The United States is a place of many religions

“The United States is, by and large, a nation of believers,” writes Pew Research Center’s Gregory A. Smith in his introduction to Faith + Freedom: Religion in the USA.

Christianity in its many denominations is the majority faith in the U.S., but many other faiths are practiced. And there is a growing group of “nones”— people unaffiliated with any religion.

America’s rich religious heritage predates the founding of the United States. Images from Faith + Freedom, below, depict some of that history.

"Believe" sign and two ribbons on front of building (© Pat Canova/Alamy)
St. Bartholomew’s Episcopal Church was built by railroad workers in High Springs, Florida, in 1896. Pioneers built small churches across the continent as they established new communities. (© Pat Canova/Alamy)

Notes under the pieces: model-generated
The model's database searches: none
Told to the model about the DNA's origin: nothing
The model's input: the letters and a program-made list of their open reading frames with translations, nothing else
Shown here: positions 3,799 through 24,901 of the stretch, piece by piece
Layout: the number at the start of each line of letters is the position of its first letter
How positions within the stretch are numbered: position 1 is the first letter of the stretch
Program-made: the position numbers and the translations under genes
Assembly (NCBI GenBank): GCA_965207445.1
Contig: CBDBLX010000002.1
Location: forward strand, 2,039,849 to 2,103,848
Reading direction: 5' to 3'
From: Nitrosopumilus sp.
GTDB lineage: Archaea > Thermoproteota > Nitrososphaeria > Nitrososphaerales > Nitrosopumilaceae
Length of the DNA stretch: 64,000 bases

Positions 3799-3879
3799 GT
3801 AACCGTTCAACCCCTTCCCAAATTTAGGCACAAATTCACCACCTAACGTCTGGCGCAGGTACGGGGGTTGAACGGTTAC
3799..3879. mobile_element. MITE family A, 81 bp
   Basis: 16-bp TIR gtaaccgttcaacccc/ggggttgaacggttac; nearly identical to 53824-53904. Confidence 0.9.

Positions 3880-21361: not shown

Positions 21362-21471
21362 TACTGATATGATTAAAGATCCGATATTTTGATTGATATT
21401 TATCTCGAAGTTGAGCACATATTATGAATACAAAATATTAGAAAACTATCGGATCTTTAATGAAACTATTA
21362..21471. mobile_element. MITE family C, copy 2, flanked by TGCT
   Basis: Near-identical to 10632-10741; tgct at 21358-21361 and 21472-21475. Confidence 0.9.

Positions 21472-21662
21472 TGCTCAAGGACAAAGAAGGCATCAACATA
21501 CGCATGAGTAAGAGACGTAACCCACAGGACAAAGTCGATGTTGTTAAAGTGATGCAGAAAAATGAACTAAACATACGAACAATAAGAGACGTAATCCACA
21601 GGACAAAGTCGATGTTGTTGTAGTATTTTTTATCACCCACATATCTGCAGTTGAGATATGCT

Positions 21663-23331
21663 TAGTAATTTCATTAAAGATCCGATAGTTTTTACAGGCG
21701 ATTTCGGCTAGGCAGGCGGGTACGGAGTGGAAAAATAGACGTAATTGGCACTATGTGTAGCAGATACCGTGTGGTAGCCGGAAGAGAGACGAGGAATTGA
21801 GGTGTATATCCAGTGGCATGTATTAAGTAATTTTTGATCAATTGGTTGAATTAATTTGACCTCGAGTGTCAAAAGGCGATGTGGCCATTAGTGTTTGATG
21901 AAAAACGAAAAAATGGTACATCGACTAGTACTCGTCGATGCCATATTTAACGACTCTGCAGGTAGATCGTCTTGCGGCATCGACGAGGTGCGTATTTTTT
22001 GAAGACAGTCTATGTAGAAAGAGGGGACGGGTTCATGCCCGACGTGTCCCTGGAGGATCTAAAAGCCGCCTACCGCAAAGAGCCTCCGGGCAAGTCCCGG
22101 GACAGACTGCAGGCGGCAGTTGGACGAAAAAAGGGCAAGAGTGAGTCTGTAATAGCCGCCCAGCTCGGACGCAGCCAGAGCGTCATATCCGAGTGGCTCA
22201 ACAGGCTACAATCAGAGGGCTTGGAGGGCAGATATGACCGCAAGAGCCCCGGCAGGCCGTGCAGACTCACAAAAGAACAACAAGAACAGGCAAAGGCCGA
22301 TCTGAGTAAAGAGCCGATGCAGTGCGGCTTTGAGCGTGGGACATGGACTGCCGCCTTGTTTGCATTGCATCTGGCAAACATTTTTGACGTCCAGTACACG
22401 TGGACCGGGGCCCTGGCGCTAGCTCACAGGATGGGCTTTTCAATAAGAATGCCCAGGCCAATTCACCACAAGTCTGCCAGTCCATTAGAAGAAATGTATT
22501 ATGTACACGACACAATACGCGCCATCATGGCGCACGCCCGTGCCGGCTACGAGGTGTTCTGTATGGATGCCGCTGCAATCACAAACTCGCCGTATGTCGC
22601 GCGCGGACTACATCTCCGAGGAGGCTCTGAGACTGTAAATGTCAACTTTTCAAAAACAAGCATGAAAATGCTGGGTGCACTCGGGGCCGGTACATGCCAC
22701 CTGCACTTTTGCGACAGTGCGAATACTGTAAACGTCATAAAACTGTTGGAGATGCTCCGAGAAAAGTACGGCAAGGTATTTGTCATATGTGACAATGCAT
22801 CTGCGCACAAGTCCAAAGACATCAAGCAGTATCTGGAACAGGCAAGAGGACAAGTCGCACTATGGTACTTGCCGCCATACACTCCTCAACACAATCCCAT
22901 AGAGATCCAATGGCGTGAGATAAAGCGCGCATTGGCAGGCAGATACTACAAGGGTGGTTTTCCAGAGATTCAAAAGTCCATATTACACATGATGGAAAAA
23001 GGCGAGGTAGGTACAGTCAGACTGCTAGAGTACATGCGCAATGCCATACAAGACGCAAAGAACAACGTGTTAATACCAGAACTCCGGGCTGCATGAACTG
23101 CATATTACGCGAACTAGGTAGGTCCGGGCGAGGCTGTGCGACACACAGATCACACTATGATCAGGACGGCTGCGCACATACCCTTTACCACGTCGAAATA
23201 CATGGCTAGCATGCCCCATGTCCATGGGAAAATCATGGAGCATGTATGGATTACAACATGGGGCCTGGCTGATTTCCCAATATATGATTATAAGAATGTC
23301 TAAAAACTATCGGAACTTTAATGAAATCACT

Animal shapes and other symbols carved into rock (© National Geographic)
Native Americans etched art into a rock of Utah sandstone called Tse’ Hane, or “rock that tells a story” in the Navajo language. It’s also known as Newspaper Rock. The art is at least 2,000 years old. (© National Geographic)
Painting of George Washington talking to many others in room (© Alamy)
George Washington, soon to become the first U.S. president, holds a copy of the U.S. Constitution at the 1787 constitutional convention. Religious freedom is enshrined in the Constitution. (© Alamy)
Building behind fence and ceremonial arch (© AP Images)
Touro Synagogue, built in 1763 in Rhode Island, was the first Jewish temple constructed in the U.S. George Washington wrote to the congregation promising religious tolerance after a 1790 visit. (© AP Images)

To learn more, download the free Faith + Freedom PDF.